Chapter 25 [XXIII.]—God Forsakes Only Those Who Deserve to Be Forsaken. We are Sufficient of Ourselves to Commit Sin; But Not to Return to the Way of Righteousness. Death is the Punishment, Not the Cause of Sin.
Perhaps he may answer that God does not compel men to do these things, but only forsakes those who deserve to be forsaken. If he does say this, he says what is most true. For, as I have already remarked, those who are forsaken by the light of righteousness, and are therefore groping in darkness, produce nothing else than those works of darkness which I have enumerated, until such time as it is said to them, and they obey the command: “Awake thou that sleepest, and arise from the dead, and Christ shall give thee light.” 1192 The truth designates them as dead; whence the passage: “Let the dead bury their dead.” The truth, then, designates as dead those whom this man declares to have been unable to be damaged or corrupted by sin, on the ground, forsooth, that he has discovered sin to be no substance! Nobody tells him that “man was so formed as to be able to pass from righteousness to sin, and yet not able to return from sin to righteousness.” But that free will, whereby man corrupted his own self, was sufficient for his passing into sin; but to return to righteousness, he has need of a Physician, since he is out of health; he has need of a Vivifier, because he is dead. Now about such grace as this he says not a word, as if he were able to cure himself by his own will, since this alone was able to ruin him. We do not tell him that the death of the body is of efficacy for sinning, because it is only its p. 130 punishment; for no one sins by undergoing the death of his body; but the death of the soul is conducive to sin, forsaken as it is by its life, that is, its God; and it must needs produce dead works, until it revives by the grace of Christ. God forbid that we should assert that hunger and thirst and other bodily sufferings necessarily produce sin. When exercised by such vexations, the life of the righteous only shines out with greater lustre, and procures a greater glory by overcoming them through patience; but then it is assisted by the grace, it is assisted by the Spirit, it is assisted by the mercy of God; not exalting itself in an arrogant will, but earning fortitude by a humble confession. For it had learnt to say unto God: “Thou art my hope; Thou art my trust.” 1193 Now, how it happens that concerning this grace, and help and mercy, without which we cannot live, this man has nothing to say, I am at a loss to know; but he goes further, and in the most open manner gainsays the grace of Christ whereby we are justified, by insisting on the sufficiency of nature to work righteousness, provided only the will be present. The reason, however, why, after sin has been released to the guilty one by grace, for the exercise of faith, there should still remain the death of the body, although it proceeds from sin, I have already explained, according to my ability, in those books which I wrote to Marcellinus of blessed memory. 1194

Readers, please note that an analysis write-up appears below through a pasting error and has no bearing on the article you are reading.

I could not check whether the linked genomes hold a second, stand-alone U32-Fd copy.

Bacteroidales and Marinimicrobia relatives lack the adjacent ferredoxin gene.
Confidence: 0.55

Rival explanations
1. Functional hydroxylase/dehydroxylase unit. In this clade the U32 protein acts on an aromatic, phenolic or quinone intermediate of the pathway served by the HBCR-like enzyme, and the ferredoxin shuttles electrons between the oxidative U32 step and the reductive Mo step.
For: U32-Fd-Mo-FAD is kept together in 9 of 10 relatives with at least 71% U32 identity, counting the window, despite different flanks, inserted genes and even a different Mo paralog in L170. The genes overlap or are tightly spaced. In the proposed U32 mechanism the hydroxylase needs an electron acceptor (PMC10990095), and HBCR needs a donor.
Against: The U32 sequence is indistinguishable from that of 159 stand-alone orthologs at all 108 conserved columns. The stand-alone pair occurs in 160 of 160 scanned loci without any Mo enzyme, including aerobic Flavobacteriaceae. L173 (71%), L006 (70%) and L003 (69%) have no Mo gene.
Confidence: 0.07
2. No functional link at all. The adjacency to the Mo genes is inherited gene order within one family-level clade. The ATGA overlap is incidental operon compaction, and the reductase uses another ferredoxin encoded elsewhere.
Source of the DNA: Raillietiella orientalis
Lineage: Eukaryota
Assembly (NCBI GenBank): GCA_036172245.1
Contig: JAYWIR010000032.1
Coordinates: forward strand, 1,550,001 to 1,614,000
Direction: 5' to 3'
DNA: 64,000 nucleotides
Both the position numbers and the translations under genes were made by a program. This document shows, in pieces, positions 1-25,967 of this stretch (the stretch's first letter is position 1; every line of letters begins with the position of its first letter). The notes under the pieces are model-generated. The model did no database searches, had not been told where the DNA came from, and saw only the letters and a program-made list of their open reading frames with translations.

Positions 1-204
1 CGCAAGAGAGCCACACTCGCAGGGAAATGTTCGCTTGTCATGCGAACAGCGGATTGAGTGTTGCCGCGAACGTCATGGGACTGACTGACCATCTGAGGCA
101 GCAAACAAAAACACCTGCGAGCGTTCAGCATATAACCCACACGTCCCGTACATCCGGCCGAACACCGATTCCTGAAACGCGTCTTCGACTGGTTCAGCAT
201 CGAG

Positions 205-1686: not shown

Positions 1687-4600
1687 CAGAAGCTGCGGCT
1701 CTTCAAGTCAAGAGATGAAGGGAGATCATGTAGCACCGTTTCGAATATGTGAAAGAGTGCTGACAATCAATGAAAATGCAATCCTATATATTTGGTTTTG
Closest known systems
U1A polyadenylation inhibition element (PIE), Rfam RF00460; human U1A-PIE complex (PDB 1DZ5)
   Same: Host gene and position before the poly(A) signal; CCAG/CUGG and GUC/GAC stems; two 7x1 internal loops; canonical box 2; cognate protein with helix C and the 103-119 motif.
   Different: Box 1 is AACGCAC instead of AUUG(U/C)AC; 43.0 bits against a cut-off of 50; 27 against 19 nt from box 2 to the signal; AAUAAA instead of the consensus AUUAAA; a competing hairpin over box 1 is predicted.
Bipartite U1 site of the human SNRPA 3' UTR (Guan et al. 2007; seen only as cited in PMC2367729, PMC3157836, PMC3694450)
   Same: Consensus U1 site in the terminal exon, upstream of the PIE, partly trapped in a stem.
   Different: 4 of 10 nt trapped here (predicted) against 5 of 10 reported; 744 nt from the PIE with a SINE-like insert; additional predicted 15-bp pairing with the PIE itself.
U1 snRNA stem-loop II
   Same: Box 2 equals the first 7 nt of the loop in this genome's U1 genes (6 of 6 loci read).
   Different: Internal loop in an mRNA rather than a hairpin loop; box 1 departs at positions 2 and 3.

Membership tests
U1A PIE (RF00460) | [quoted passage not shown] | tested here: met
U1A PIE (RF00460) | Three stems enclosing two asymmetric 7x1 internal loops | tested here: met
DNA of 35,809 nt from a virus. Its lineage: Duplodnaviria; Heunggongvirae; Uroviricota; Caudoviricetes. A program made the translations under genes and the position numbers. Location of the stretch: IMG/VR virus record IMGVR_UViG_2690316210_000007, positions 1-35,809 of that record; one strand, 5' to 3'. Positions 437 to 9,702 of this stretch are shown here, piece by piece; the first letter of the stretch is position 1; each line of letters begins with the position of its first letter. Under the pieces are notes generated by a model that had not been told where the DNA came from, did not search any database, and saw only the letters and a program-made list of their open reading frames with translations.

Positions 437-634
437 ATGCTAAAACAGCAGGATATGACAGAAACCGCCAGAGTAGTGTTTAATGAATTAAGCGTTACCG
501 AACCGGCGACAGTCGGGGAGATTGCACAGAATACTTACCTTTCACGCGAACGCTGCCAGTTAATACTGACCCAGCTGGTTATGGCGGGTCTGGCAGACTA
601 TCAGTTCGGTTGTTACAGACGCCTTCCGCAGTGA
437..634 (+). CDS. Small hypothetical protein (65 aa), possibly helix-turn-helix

The tribune Marcellinus had been put to death in the September of 413, “having, though innocent, fallen a victim to the cruel hatred of the tyrant Heraclius,” as Jerome writes in his book iii. against the Pelagians. Honorius mentions him as a “man of conspicuous renown,” in a law enacted August 30, in the year 414, contained in the Cod Theod. xvi. 5 (de hæreticis), line 55. Compare the notes above, pp. 15 and 80.
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